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Chapter 1 Supplement: Game Theory

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Chapter 1 Supplement: Game Theory

- Competition is an important factor in decision-making
- Strategies undertaken by competition can dramatically affect the outcome of a decision

- Game theory is one way of considering the impact of others strategies on our own strategies and outcomes
- Game: “a decision situation with two or more decision makers in competition to win”
- Game theory:“the study of how optimal strategies are formulated in conflict”

- Dates back to 1944
- Theory of Games and Economic Behavior, Von Neumann & Morgenstern

- Widely used, many applications
- War strategies
- Collective bargaining
- Business

- Classifications
- Number of competitive decision makers (players)
- two-person game
- n-player game

- Outcome in terms of each player’s gains and losses
- zero-sum game: sum of gains and losses = 0
- non-zero-sum game: sum of gains and losses 0

- Number of strategies employed

- Number of competitive decision makers (players)
- Examples:
- A union negotiating a new contract with management
- Two armies conducting a war game
- A retail firm and a competitor

Two-Person

Zero Sum

Gains and losses for both players

sum to zero

Example

Players X’s Gains = $3.00

Player Y’s Losses = $3.00

Sum for both players = $0.00

There are two lighting fixture stores, X and Y, who have had relatively stable market shares. Two new marketing strategies being considered by store X may change this peaceful coexistence. The payoff table below shows the potential affects on market share if both stores begin to advertise.

(player trying to maximize the game outcome is on left,

player trying to minimize the game outcome is on top)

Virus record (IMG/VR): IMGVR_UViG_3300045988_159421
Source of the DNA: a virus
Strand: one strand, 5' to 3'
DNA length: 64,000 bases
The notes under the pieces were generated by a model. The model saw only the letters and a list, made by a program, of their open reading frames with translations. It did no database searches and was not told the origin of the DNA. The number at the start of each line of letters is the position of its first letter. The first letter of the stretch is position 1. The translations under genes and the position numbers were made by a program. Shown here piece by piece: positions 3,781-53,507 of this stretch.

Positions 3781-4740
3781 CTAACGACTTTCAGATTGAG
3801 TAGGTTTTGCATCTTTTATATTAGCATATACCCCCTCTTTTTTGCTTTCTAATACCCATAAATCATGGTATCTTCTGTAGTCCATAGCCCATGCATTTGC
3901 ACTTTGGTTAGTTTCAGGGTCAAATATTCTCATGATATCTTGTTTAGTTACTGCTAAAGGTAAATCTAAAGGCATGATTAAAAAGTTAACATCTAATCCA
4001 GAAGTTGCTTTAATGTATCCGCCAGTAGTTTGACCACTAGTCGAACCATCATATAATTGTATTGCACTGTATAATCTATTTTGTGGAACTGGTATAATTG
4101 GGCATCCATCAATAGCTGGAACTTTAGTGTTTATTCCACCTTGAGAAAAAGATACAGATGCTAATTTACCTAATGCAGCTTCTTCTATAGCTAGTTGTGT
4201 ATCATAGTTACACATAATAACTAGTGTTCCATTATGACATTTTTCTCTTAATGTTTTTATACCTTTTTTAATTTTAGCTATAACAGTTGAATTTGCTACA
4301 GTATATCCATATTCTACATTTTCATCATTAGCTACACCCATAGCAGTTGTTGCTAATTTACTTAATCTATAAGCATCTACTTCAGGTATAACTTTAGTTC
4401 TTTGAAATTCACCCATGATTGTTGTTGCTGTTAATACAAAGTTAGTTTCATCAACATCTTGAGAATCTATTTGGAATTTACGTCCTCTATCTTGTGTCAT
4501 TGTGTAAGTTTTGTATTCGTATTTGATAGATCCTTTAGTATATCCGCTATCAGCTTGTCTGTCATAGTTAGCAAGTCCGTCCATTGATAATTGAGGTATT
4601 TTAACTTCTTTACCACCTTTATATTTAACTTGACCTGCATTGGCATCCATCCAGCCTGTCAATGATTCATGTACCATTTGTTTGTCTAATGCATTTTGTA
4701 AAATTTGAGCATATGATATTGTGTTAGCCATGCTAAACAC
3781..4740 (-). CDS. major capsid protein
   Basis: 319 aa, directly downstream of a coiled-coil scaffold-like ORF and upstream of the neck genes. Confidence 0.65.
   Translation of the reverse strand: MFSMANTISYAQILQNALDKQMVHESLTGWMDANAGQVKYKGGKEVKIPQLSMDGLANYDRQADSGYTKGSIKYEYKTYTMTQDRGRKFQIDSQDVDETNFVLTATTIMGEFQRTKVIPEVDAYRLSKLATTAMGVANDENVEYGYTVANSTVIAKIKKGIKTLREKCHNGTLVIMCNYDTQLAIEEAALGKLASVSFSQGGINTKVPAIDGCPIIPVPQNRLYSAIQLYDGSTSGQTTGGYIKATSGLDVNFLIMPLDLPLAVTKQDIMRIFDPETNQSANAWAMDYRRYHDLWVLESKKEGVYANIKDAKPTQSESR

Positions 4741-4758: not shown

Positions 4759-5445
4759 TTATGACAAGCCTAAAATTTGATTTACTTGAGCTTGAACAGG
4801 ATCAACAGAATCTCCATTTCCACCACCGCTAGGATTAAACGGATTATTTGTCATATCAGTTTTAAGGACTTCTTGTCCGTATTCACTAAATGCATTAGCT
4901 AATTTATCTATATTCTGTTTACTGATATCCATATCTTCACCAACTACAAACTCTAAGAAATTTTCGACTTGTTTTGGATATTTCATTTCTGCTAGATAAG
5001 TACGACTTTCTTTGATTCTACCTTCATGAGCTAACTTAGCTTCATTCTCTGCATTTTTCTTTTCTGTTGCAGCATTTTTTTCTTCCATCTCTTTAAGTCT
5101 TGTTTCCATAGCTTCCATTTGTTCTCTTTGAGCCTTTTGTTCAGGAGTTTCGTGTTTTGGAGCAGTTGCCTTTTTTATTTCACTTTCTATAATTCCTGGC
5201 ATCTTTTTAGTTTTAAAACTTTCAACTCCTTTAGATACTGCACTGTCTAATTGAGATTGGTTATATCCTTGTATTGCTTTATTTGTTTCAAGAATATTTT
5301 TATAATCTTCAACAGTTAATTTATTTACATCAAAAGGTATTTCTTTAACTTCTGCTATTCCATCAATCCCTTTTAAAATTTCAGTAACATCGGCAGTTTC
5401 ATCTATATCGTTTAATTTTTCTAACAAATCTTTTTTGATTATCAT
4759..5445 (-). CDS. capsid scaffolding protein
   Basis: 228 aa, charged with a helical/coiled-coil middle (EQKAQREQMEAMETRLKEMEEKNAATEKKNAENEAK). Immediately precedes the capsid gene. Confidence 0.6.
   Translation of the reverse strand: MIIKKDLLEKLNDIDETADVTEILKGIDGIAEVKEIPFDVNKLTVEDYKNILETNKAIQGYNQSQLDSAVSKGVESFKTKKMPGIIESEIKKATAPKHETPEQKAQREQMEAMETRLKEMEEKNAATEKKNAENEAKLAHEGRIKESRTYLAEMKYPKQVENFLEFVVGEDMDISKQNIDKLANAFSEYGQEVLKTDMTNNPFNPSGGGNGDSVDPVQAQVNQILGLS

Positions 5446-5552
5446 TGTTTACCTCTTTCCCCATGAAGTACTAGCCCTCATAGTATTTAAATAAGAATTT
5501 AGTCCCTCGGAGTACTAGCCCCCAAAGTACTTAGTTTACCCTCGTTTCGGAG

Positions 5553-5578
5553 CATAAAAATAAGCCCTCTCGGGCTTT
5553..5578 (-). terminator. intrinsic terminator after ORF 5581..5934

- Assumptions: payoff table is known to all players
- Definitions:
- Strategy: a plan of action to be followed by a player
- Value of the game: the offensive player’s gain and the defensive player’s loss (in a zero-sum game)
- if Store X selects strategy 2 & Store Y selects strategy 1, the outcome is a 6% gain in market share for Store X and a 6% loss for Store Y
- Purpose of the Game: to select the strategy resulting in the best possible outcome regardless of what the opponent does (i.e., the optimal strategy)

- Each player adopts a single strategy as an optimal strategy
- Strategies each player follows will always be the same irrespective of the other player’s strategy

- Can be solved according to the minimax decision criterion
- Each player seeks to minimize the maximum possible loss or maximize the minimum possible gain
- offensive player selects the strategy with the largest of the minimum payoffs (maximin)
- defensive player selects the strategy with the smallest of the maximum payoffs (minimax)

- Each player seeks to minimize the maximum possible loss or maximize the minimum possible gain

- Maximin strategy for Store X, the offensive player
- Optimal strategy is strategy 1

}

row

minimums

maximin: maximum of

the minimum payoffs

- Minimax strategy for StoreY, the defensive player
- Optimal strategy is strategy 1

column

maximums

minimax: minimum of

the maximum payoffs

- Optimal strategy for each player resulted in the same payoff value of 3